One of the provisions of IDEA is Least Restrictive Environment, and it can sometimes be tricky to understand what this means exactly.
By law, schools are required to provide a free appropriate public education (FAPE) in the least restrictive environment that is appropriate to the individual student’s needs.
At its most basic level, “least restrictive environment” means that a student with a disability should be allowed to be educated with non-disabled peers.
If needed, the student will have access to supplementary aids and services if placed in a regular classroom with non-disabled peers. These supplements may be necessary to achieve educational goals.
The IEP may describe days or times during the week when the child will be pulled out of the regular classroom. Usually this is for an hour or maybe two and it could be several days of the week. The rest of the time the child will be in the regular classroom which is ideal.
The tricky part comes in when you review each individual child and the extent of their disability. For some, it just won’t work for the student or their peers to be together in class because of disruptions or the extra time needed to teach the student or for the student to keep up with the pace.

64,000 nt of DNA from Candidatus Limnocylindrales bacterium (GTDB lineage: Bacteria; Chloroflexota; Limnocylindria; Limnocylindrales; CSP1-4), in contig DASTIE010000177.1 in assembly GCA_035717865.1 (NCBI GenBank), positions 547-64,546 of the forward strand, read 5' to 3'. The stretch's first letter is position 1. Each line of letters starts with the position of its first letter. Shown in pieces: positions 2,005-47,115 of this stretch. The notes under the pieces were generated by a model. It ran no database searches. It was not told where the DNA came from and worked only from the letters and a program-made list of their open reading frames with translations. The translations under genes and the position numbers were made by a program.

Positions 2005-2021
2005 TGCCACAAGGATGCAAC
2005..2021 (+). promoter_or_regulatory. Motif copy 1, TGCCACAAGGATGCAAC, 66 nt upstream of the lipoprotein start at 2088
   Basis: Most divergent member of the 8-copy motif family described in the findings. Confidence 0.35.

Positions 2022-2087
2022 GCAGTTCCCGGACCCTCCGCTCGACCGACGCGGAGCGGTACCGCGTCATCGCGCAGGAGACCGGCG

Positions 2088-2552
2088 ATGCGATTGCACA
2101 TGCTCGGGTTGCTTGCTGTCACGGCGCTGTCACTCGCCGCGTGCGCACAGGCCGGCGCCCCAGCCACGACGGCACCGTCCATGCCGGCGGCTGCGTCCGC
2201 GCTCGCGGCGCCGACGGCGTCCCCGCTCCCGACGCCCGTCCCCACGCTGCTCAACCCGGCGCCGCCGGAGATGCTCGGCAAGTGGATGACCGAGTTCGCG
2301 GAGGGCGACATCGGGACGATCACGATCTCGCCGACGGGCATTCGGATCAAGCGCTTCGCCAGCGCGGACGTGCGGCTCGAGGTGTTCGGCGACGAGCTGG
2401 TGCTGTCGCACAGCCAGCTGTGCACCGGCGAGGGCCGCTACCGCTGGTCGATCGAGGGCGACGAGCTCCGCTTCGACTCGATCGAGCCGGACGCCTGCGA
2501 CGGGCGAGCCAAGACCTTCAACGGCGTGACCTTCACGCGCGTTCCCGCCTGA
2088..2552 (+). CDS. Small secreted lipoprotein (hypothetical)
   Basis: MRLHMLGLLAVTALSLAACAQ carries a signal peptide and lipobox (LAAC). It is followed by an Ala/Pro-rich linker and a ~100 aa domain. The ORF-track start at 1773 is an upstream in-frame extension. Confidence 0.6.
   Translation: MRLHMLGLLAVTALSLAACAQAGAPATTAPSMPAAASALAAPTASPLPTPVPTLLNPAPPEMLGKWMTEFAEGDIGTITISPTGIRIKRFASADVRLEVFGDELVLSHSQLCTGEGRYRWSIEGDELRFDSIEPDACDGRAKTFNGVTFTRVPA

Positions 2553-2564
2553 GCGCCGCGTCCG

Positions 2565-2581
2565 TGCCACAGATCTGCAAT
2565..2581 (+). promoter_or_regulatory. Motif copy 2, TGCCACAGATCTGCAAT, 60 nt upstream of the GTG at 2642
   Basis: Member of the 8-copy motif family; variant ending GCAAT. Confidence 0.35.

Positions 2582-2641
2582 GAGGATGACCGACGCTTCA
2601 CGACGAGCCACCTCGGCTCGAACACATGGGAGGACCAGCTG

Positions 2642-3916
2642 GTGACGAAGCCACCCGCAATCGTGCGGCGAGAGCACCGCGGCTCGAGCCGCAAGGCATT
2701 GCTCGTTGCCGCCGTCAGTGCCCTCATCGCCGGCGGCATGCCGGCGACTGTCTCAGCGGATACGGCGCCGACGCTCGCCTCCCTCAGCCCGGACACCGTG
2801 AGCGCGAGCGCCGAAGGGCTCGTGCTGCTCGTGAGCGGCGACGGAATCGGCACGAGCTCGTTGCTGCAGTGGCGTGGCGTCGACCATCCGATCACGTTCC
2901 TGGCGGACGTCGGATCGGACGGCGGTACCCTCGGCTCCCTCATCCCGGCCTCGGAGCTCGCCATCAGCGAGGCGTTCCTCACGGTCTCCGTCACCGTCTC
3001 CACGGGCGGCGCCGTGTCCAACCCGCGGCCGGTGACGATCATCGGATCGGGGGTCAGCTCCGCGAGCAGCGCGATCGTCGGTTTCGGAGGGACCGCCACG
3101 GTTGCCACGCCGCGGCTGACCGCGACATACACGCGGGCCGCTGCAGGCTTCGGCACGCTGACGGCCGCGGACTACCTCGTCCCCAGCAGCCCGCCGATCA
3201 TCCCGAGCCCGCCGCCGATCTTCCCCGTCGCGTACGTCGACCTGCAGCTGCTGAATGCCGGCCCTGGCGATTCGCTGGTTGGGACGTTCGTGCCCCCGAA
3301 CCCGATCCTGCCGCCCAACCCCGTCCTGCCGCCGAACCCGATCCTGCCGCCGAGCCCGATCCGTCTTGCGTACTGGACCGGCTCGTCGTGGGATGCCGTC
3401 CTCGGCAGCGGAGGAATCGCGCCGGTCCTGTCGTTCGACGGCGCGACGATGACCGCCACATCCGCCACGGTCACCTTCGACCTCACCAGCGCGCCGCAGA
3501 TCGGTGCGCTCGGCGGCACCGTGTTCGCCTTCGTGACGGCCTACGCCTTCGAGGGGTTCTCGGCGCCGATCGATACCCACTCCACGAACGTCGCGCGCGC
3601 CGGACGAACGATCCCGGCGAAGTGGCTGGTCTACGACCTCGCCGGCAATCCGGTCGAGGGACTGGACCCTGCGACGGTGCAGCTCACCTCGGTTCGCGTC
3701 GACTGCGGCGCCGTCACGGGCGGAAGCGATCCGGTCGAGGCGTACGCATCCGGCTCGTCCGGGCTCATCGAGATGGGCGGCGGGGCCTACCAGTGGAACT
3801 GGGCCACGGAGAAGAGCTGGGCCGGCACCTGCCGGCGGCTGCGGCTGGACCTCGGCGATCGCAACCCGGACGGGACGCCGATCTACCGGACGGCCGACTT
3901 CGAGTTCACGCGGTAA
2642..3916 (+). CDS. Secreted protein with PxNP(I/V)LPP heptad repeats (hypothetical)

So if the child doesn’t fit into the classroom, it’s even more important to find areas that they CAN be together with their peers. At lower grades it can be difficult because of the maturity factor of most kids. But as they grow older and begin to understand what disabilities are about and become more comfortable with the situation, it is vital that some form of integration take place.
Recess, lunch, and other school activities outside of the classroom are great places to start. After-school clubs are also good. Even integration into specialized classes such as computers, where LD children often excel, should be viewed as places where kids can be together.
The social aspects are important, but sometimes just seeing how the other kids interact with each other can do wonders for learning how to live in a very difficult world.